Methods for Solid Waste Disposal Agencies Waste Collection Waste from our homes is generally collected by our local authorities through regular waste collection, or by special collections for recycling. Within hot climates such as that of the Caribbean the waste should be collected at least twice a week to control fly breeding, and the harboring of other pests in the community. Compost Ideally, everyone should create a compost with yard waste like leaves and branches, according to the Environmental Protection Agency. Compost not only benefits the environment and keeps unnecessary refuse out of landfills, it can even provide economic benefits. Organic matter creates methane in landfills and contributes to greenhouse that cause global warming. Instead of throwing out yard trimmings, using them as a compost replenishes soil and reduces the need to pay for land reclamation . Landfills For non-hazardous waste that cannot be reclaimed or recycled, landfills offer a reasonable and fairly cheap solution. Not just any open area will do--landfills must abide by certain federal guidelines set forth by the EPA and receive proper monitoring and maintenance. A good landfill has lining to protect from toxins leaking into water supplies and covers for full landfills. Burning A landfill may offer a cheap solution to large amounts of trash, but incineration can quickly reduce the volume. An efficient and environmentally sound incinerator does not simply burn whatever trash there is lying around. Scrubbers and filters prevent acidic gases from release and prevent ash from burning into the air. Some incinerators recycle and reuse refuse as fuel to burn non-recyclable materials. Reduce, Reuse, Recycle Methods of waste reduction, waste reuse and recycling are the preferred options when managing waste. There are many environmental benefits that can be derived from the use of these methods. They reduce or prevent greenhouse gas emissions, reduce the release of pollutants,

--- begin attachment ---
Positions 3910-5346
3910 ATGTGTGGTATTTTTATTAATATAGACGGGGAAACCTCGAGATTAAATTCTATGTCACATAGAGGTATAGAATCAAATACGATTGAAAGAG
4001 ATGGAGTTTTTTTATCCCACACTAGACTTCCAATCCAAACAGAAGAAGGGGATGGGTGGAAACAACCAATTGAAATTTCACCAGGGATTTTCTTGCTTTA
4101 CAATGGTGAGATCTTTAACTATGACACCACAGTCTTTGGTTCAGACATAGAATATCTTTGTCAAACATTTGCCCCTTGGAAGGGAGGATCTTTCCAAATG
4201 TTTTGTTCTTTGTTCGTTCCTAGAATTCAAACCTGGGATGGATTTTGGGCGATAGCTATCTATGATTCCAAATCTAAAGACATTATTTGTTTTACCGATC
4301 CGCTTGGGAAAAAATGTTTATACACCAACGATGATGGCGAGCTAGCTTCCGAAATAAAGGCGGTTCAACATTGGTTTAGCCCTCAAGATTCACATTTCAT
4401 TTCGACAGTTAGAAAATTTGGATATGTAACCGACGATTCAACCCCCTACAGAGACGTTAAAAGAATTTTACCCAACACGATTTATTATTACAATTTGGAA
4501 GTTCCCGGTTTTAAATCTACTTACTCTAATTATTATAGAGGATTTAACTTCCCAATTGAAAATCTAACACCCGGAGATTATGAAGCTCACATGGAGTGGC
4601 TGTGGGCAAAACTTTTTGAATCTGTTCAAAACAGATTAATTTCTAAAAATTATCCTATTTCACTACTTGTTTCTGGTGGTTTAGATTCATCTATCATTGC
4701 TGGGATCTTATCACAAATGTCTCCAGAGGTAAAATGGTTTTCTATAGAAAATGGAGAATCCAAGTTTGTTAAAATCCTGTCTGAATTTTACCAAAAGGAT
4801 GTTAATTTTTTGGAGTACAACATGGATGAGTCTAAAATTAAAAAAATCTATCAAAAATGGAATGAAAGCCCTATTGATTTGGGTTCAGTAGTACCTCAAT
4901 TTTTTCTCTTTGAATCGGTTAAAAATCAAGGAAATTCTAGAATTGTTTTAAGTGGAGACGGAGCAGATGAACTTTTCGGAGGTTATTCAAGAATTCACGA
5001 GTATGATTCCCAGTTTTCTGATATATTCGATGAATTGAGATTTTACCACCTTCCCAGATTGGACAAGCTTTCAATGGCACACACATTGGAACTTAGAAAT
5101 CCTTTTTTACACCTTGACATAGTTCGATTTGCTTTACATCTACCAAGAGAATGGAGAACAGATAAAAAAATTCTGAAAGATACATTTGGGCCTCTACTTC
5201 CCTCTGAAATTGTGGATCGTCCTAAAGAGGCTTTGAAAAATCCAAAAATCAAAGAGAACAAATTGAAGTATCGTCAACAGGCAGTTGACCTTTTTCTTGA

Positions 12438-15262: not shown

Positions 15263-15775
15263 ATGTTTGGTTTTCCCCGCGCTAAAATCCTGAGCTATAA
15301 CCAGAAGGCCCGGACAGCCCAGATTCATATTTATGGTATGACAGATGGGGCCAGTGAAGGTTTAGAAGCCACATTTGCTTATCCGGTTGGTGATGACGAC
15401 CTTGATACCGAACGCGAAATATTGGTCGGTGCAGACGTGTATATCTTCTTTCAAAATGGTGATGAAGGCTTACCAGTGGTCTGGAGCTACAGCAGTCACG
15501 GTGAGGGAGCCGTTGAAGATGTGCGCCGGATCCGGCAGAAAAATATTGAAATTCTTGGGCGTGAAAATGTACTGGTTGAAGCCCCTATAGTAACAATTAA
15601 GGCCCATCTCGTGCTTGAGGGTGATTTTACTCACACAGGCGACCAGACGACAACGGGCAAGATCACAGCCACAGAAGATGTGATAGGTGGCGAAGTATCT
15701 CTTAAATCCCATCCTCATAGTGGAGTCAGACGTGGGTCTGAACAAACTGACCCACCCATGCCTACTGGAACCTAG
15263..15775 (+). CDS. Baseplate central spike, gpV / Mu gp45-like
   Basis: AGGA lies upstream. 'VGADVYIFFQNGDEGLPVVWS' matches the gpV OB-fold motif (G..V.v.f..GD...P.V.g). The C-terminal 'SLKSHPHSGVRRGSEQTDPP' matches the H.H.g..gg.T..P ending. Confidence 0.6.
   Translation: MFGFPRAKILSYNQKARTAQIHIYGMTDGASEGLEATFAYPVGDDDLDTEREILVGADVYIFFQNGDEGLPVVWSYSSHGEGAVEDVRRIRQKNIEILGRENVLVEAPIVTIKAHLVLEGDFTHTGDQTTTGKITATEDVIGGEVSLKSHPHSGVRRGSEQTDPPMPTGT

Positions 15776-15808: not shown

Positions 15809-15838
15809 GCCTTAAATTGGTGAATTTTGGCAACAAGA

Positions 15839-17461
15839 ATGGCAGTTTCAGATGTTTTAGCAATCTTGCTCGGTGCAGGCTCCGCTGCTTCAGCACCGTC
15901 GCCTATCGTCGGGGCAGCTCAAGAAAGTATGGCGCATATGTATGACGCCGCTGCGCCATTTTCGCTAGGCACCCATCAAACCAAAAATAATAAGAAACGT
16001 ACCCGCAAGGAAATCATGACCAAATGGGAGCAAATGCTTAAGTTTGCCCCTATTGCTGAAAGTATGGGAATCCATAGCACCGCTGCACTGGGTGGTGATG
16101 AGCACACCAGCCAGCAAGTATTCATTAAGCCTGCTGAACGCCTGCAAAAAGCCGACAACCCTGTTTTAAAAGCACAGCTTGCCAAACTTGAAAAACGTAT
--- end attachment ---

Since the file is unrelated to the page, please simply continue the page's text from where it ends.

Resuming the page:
conserve resources, save energy and reduce the demand for waste treatment technology and landfill space. Therefore it is advisable that these methods be adopted and incorporated as part of the waste management plan. Waste reduction and reuse Waste reduction and reuse of products are both methods of waste prevention. They eliminate the production of waste at the source of usual generation and reduce the demands for large scale treatment and disposal facilities. Methods of waste reduction include manufacturing products with less packaging, encouraging customers to bring their own reusable bags for packaging, encouraging the public to choose reusable products such as cloth napkins and reusable plastic and glass containers, backyard composting and sharing and donating any unwanted items rather than discarding them. All of the methods of waste prevention mentioned require public participation. In order to get the public onboard, training and educational programs need to be undertaken to educate the public about their role in the process. Recycling Recycling refers to the removal of items from the waste stream to be used as raw materials in the manufacture of new products. Treatment and Disposal This refers to processes that involve the use of heat to treat waste.